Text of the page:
The upward trend in the euro-dollar exchange rate has positively affected Turkey, which realizes about 50 percent of its exports to the European Union (EU), Turkish Exporters Assembly (TIM) has said.
TIM Chairman Mehmet Büyükekşi pointed out the fact that if export figures for the month of July were calculated using the euro-dollar exchange rates from July 2016, Turkey's exports would be valued at $107 million less. He stressed that the euro's gain against the greenback this year led to an increase in the dollar equivalent of the exports realized in euros.
Speaking to Anadolu Agency (AA) on the effects of the mobility of exchange rates on foreign trade, Büyükekşi said that the rate of euro and dollar usage was at 86 percent in Turkey's exports and 89 percent of its imports.
He also highlighted that the use of the Turkish lira as a medium of exchange in foreign trade has increased in recent years thanks to the efforts of President Recep Tayyip Erdoğan and Economy Minister Nihat Zeybekci.
"TL usage in both imports and exports were at around 10 percent," he said.
Büyükekşi added that almost 47.5 percent of export transactions and 33 percent of import transactions were carried out in euros since Turkey realizes 48 percent of its exports and 35 percent of its imports with the EU countries.
"In other words, importing in dollars and exporting in euros also confirms the fact that the changes in the euro-dollar exchange rate affect our exports. Globally, export figures of any country are announced in dollars," Büyükekşi said.
He said that exports realized in euros were calculated by converting the figures into dollars on the basis of opening days of declarations and added that the spike in the euro price against the dollar can reflect positively on export figures, while a decrease can reflect negatively.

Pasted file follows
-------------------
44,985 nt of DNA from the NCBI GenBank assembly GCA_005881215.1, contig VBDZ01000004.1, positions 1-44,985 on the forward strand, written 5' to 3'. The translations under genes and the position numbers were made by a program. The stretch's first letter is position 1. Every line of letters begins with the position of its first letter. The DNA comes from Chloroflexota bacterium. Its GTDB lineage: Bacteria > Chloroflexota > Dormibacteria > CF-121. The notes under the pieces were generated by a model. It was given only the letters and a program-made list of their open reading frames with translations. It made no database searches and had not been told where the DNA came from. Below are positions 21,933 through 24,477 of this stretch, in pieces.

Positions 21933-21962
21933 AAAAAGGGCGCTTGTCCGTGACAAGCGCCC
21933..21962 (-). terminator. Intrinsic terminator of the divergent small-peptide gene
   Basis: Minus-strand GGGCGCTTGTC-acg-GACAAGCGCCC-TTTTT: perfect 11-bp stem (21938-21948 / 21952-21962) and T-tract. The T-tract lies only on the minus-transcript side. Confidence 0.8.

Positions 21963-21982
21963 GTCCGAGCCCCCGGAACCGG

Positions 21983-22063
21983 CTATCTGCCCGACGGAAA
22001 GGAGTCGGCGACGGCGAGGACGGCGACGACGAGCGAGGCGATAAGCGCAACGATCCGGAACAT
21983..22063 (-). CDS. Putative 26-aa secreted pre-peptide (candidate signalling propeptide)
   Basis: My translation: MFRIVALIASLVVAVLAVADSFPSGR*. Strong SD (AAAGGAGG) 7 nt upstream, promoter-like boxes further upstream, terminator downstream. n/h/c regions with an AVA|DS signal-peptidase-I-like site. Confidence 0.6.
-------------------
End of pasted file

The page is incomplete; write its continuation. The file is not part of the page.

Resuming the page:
Büyükekşi underlined that the dollar is globally used in foreign trade and noted that Turkey mostly uses the dollar with trade with partners including China, India, and Middle Eastern countries as well as the U.S.
He said that TIM organizes informative programs for exporters to protect them against foreign exchange risks and about the advantages of providing financing through capital markets. He suggested that manufacturers should increase production and turn to new markets in order to keep the risks involved with currency exchange rates at a minimum.
Enver Erkan, deputy research manager at KapitalFX, recalled that the European economies were in a recovery process, which was expected to reflect positively on exports. He said that if the current state continues, the euro-dollar exchange rate would hover around 1.19 on average for three months and hit 1.22 in a year.
Pointing out that a strong euro will drag down the already weak inflation expectations in Europe, Erkan said that a strong currency can be a handicap before Europe, which is having difficulty especially in creating inflation.
"Therefore, in this monetary environment, the European Central Bank (ECB) should continue to be flexible. So, on the exit from the monetary incentive, a gradual exit model that does not disturb the market will be implemented much like what the Fed did in the U.S. previously," Erkan said.
He noted that a slow and gradual exit seems appropriate as postponing the policy regime for too long could lead to a loss of credibility, which happened with the Fed.